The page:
Roads to get traffic relief
By Steve Herring
Published in News on February 19, 2012 1:50 AM
Relief could soon be on the way for motorists who find themselves snarled in traffic bottlenecks on Wayne Memorial Drive and North William Street (U.S. 117).
Widening projects for both roads are part of the state's future highway plans, but until that happens, local officials are hopeful that less-extensive projects will provide some relief.
Both roads and their respective traffic issues were discussed during the recent meeting of the Goldsboro Metropolitan Planning Organization. During that gathering, members greed that a proposed planning study of the area around the new N.C. 44 and Wayne Memorial Drive interchange should be expanded to encompass the entire area between the existing U.S. 70 Bypass and the new one.
The first section of the new U.S. 70 Bypass opened in December, but has been designated as N.C. 44 until the entire project is completed.
The study, which is expected to take about six months, will look at potential development around the new interchange. However, a developer already has announced plans for a new Bojangles near the intersection of Wayne Memorial Drive and Tommy's Road.
Local officials are concerned about development in the area, but in this case, the development on Tommy's Road could help alleviate the traffic problem on Wayne Memorial Drive.
At times when a vehicle is unable to turn left onto Tommy's Road, traffic is backing up along Wayne Memorial Drive, sometimes as far north as the exit off N.C. 44.
"You come off of the new (U.S.) 70 and head in toward the college -- a couple of days ago I came off and the traffic was stopped from the top of the overpass there on the new road all the way down to the stoplight,"former Wayne County commissioner Andy Anderson said.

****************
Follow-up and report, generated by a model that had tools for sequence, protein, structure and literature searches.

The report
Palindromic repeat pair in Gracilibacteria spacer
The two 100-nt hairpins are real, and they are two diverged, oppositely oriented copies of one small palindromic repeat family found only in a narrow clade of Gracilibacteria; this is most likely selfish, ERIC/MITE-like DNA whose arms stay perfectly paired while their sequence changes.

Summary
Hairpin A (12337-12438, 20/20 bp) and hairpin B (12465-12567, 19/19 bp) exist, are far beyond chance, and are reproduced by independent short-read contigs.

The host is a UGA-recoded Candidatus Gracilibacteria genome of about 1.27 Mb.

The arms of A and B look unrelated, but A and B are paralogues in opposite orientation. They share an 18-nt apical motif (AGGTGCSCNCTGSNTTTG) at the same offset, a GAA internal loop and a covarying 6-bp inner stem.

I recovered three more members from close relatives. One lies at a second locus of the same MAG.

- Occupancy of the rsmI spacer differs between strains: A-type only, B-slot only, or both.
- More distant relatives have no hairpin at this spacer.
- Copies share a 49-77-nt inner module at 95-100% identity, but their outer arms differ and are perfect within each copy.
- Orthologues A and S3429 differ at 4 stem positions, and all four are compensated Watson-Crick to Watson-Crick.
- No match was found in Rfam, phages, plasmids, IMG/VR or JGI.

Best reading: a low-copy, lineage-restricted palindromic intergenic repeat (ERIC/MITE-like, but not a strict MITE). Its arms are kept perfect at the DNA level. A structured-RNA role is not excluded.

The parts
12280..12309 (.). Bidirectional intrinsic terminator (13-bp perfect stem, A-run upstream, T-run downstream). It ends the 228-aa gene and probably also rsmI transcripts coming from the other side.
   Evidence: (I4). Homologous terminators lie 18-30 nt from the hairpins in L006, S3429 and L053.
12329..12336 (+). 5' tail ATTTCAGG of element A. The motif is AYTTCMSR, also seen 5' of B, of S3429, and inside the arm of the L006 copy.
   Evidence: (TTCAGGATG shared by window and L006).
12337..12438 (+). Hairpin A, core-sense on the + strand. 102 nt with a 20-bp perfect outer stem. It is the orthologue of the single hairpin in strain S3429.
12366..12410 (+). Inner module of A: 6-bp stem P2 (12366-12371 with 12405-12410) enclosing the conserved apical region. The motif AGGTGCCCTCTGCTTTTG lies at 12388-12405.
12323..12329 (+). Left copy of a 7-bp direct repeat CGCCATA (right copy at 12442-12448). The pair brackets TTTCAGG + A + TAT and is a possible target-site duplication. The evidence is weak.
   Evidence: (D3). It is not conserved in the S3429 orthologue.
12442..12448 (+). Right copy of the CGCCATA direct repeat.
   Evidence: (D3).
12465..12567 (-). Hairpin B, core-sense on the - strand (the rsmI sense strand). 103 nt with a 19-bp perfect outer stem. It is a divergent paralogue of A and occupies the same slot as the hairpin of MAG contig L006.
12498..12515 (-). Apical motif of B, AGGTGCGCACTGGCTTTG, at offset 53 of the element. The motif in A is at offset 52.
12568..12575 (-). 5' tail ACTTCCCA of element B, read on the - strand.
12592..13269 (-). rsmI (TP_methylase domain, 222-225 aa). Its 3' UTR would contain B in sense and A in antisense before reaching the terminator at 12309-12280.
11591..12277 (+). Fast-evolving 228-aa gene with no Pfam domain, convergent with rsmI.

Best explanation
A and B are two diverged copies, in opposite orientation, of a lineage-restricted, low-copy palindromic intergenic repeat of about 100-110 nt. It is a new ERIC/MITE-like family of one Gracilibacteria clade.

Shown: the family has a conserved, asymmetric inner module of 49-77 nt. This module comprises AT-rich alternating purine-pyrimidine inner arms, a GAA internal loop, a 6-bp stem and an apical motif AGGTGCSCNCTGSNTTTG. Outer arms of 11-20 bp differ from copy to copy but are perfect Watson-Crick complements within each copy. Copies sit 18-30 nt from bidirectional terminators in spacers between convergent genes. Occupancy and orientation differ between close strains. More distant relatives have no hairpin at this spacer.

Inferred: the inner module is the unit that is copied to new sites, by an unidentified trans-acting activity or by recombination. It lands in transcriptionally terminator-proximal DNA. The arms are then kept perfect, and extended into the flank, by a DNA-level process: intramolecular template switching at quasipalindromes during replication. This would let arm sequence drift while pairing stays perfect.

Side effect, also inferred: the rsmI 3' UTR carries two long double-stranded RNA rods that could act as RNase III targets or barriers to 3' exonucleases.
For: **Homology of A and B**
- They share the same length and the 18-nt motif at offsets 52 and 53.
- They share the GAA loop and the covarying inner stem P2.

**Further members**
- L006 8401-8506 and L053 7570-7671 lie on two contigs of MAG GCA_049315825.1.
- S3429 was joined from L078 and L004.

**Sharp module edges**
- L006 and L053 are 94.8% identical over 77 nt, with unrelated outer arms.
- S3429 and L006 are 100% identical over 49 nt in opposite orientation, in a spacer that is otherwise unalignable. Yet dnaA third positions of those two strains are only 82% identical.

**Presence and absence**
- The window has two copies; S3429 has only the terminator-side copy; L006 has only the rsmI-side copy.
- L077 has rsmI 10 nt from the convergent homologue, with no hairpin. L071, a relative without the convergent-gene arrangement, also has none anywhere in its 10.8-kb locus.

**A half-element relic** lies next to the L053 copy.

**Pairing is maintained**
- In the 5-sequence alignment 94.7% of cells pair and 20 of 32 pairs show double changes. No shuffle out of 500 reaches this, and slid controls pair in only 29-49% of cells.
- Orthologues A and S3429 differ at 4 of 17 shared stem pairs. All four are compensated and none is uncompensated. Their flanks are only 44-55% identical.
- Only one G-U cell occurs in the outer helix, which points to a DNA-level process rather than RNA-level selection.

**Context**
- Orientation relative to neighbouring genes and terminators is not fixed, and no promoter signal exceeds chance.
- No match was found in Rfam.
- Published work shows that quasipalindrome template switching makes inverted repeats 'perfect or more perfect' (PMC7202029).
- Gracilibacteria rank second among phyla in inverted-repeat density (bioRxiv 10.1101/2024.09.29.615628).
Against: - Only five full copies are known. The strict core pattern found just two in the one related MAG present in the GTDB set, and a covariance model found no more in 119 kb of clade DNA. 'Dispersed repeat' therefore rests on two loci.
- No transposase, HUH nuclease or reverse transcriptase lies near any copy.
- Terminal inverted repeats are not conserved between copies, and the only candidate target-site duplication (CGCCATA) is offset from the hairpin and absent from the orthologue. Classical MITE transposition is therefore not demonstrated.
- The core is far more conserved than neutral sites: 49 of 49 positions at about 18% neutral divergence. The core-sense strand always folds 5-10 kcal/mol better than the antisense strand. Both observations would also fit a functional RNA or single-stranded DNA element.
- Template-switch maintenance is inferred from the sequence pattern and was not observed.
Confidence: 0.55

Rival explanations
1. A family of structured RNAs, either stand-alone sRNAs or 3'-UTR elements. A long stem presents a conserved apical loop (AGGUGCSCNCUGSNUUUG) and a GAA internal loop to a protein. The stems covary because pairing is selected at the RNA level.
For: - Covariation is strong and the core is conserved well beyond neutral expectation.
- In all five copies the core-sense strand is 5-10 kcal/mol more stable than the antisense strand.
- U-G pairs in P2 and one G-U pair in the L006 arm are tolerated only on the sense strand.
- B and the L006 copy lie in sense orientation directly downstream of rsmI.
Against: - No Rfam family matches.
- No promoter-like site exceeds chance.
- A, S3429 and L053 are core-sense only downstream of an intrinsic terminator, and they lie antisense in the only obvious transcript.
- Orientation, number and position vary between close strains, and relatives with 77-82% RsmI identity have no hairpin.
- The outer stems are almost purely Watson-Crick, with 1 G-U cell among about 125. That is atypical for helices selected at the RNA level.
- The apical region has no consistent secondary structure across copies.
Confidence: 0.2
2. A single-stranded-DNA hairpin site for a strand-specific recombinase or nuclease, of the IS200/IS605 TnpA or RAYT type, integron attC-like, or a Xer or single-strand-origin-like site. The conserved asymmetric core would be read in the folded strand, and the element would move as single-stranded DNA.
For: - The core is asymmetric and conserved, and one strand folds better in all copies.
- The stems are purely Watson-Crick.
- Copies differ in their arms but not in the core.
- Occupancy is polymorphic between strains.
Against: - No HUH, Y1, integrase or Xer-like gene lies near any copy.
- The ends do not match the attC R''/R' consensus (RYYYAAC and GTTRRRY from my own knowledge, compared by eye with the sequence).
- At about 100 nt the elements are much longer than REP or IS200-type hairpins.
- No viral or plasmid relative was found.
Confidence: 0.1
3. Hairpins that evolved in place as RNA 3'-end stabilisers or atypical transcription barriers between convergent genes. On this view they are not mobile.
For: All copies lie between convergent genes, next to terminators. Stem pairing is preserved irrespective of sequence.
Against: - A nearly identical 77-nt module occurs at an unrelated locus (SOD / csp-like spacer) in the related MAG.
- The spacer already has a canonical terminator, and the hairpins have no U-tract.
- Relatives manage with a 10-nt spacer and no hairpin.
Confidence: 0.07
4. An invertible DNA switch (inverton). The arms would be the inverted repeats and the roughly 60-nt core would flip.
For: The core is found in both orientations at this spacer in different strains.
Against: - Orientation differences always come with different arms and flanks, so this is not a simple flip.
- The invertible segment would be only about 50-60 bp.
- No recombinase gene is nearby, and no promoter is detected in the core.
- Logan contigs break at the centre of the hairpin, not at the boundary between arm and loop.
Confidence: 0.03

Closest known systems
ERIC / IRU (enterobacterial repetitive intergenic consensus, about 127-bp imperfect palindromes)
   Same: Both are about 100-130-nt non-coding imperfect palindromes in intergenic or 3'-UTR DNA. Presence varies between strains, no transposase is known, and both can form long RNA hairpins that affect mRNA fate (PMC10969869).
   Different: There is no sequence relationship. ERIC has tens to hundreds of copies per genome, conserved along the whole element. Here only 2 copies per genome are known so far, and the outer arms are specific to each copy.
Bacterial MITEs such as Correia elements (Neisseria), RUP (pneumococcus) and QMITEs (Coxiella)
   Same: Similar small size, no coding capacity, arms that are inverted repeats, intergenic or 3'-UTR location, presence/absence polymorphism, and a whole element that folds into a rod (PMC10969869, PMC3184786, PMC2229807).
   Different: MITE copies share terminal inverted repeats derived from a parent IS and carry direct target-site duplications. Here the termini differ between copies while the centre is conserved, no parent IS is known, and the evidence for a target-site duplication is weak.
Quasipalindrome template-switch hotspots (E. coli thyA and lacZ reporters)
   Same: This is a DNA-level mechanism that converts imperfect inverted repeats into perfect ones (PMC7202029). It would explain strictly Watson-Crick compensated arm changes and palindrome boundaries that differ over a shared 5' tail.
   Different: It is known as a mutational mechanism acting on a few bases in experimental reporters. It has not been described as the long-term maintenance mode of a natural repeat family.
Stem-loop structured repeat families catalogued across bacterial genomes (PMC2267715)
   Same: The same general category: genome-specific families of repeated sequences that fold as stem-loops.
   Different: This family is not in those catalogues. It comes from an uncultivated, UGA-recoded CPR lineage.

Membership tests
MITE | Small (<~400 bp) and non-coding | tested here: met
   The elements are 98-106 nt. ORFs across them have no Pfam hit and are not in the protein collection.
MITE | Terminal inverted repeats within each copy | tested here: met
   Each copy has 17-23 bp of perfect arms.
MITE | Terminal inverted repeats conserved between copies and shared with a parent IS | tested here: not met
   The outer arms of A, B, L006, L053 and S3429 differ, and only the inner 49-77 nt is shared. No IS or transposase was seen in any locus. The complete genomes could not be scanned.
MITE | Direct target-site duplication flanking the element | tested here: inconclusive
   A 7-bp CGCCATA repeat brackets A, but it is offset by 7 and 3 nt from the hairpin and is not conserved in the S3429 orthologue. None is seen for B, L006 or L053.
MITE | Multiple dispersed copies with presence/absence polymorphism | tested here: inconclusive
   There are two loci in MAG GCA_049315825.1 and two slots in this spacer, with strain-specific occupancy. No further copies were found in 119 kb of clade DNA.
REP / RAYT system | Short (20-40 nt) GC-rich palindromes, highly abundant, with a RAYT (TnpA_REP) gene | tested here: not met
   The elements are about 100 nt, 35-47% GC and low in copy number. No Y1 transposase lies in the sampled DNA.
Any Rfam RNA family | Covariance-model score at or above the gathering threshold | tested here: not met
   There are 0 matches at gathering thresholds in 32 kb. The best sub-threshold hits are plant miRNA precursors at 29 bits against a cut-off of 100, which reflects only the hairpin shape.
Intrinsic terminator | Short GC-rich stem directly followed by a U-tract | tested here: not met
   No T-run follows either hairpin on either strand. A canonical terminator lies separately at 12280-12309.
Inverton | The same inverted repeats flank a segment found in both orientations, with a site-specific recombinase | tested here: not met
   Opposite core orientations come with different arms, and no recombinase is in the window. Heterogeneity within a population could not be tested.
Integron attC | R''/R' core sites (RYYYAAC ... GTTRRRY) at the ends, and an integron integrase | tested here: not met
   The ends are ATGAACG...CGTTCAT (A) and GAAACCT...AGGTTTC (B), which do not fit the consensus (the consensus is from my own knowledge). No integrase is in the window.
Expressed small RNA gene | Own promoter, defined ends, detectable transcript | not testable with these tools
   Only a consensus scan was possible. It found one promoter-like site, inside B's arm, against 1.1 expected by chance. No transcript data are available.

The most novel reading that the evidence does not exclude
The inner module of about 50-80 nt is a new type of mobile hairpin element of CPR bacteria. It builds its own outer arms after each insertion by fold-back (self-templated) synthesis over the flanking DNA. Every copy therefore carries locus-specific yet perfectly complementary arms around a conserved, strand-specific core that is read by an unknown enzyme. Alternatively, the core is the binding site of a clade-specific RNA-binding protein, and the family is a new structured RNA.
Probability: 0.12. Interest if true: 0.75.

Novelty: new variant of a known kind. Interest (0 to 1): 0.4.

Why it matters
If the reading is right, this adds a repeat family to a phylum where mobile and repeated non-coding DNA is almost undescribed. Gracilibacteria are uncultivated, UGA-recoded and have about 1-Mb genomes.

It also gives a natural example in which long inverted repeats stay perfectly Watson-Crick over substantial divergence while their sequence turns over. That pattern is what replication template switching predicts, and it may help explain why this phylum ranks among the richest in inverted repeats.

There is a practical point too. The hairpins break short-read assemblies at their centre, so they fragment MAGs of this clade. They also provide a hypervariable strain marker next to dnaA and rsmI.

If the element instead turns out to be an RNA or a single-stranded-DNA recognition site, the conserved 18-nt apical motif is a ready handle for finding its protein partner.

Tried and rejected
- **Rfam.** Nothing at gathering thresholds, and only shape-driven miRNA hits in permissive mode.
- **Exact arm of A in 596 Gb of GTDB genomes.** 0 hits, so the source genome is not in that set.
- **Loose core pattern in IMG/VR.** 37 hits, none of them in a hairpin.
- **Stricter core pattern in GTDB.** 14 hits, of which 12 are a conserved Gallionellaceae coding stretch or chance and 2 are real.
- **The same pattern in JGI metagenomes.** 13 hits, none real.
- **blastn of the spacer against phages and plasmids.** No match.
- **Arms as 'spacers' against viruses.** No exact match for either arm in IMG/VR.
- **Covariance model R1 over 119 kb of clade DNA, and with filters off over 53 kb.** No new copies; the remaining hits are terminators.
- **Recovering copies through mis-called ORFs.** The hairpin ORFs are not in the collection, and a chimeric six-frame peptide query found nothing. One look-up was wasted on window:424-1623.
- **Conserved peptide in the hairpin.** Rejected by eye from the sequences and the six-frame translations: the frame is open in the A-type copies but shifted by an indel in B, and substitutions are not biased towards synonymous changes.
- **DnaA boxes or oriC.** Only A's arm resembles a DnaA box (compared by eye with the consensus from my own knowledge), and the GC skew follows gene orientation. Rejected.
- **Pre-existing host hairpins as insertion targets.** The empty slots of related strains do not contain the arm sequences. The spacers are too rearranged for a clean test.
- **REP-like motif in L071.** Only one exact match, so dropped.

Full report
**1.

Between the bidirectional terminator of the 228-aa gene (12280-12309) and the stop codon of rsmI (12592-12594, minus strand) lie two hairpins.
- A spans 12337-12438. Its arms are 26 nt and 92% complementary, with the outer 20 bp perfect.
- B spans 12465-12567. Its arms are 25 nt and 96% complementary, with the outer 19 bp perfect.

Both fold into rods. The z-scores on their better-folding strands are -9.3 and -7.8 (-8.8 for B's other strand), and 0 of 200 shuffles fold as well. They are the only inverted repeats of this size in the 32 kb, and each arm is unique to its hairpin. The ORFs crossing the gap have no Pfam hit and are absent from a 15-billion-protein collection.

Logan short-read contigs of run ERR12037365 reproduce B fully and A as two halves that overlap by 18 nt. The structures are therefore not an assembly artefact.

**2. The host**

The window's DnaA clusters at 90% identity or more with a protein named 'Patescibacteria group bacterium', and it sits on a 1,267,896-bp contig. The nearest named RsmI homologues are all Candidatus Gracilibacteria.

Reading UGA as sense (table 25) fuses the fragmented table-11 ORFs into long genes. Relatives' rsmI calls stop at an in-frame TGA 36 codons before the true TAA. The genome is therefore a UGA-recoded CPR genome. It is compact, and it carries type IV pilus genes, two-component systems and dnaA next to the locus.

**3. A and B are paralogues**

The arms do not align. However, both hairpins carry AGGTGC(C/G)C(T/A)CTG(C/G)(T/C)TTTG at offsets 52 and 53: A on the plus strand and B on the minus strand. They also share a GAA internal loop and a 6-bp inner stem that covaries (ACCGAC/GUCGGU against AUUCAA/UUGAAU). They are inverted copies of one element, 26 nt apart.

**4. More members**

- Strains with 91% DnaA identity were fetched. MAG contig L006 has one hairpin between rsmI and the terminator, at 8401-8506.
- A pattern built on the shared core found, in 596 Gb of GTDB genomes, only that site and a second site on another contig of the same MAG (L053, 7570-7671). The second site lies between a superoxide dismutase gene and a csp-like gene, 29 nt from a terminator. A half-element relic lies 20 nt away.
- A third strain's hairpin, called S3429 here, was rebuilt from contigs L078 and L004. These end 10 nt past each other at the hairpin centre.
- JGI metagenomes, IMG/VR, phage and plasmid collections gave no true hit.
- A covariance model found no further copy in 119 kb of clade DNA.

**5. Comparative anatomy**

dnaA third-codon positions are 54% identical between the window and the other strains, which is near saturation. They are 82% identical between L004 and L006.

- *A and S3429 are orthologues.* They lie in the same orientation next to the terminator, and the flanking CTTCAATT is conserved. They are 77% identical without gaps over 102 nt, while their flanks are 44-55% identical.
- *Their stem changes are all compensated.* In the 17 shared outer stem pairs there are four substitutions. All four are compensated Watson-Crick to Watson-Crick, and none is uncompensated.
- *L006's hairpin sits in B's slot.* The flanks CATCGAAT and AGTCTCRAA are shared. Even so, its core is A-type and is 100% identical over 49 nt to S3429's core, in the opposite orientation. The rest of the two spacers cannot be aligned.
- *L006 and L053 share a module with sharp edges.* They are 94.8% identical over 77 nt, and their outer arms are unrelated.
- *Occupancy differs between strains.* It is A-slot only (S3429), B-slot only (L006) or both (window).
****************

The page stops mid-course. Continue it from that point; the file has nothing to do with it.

"A pickup truck was trying to turn left, and he sat there. We sat through two lights, he did, before he finally got through, and traffic was backing up bad. I think that will be taken care of in the future when you put the four lanes in, but in the meantime that is a pretty bad spot."
The state is looking to partner with the developer because it lacks any money at the present to address that intersection, said Chris Pendergraph of the state Department of Transportation.
"It only takes one person to turn left at that intersection and that traffic backs up," Pendergraph said. "In one sense that development will actually be good and be a partially funding mechanism to help improve that intersection. There is developer looking at a project there at the intersection, and we do not have any current plans to able to fund construction of left turn lanes on Wayne Memorial Drive at Tommy's Road.
"However, we do this rather routinely when developers come in and it works out good for the developer and good for DOT. Basically what happens is that developer does a little bit of extra widening that we would normally not require them to do. Then we help them by resurfacing the road."
That widening would create the road bedway for the left turn that the state would pave and stripe and would be less expensive for the state, he said. It saves the developer money as well.
The State Transportation Improvement Plan includes eventually four-laning Wayne Memorial Drive from New Hope Road to the new bypass. However, that is relatively long range, around late 2020, although there are hopes it will move up, he said.
"We know there is a problem now at Tommy's and hopefully this would get us through from now until then," he said.
North William Street (U.S. 117 Business) near Fedelon Trail is also a bottleneck, particularly for southbound traffic attempting to turn onto Industry Court, Pendergraph said.
U.S. 117 from Fedelon Trail to the U.S. 70 Bypass is included in the State Transportation Improvement Plan and has a "tremendous amount" of money set aside for it, but the description just says widen the two-lane stretch to multi-lanes, he said.
"What I was proposing doing was just keeping that three-lane section like it is at Fedelon and just extending the three lanes," he said. "That would get rid of that little two-lane section there at Industry Court. If you come off the interchange, it is like four or five lanes, but immediately narrows down to two lanes as it goes by Industry Court so there is no left turn lane."
Pendergraph expects that two-lance section will be even more of a chokepoint once the new bypass is completed since it will funnel commercial traffic to the large industries located on Industry Court.
That is the reason the state is looking to widen it to the three lanes, he said. Construction design is under way for the project, which is expected to cost approximately $300,000, he said.
"We think we can do that relatively inexpensively compared to millions and millions of dollars," he said. "We can do that with existing right of way -- no island, no turn restrictions."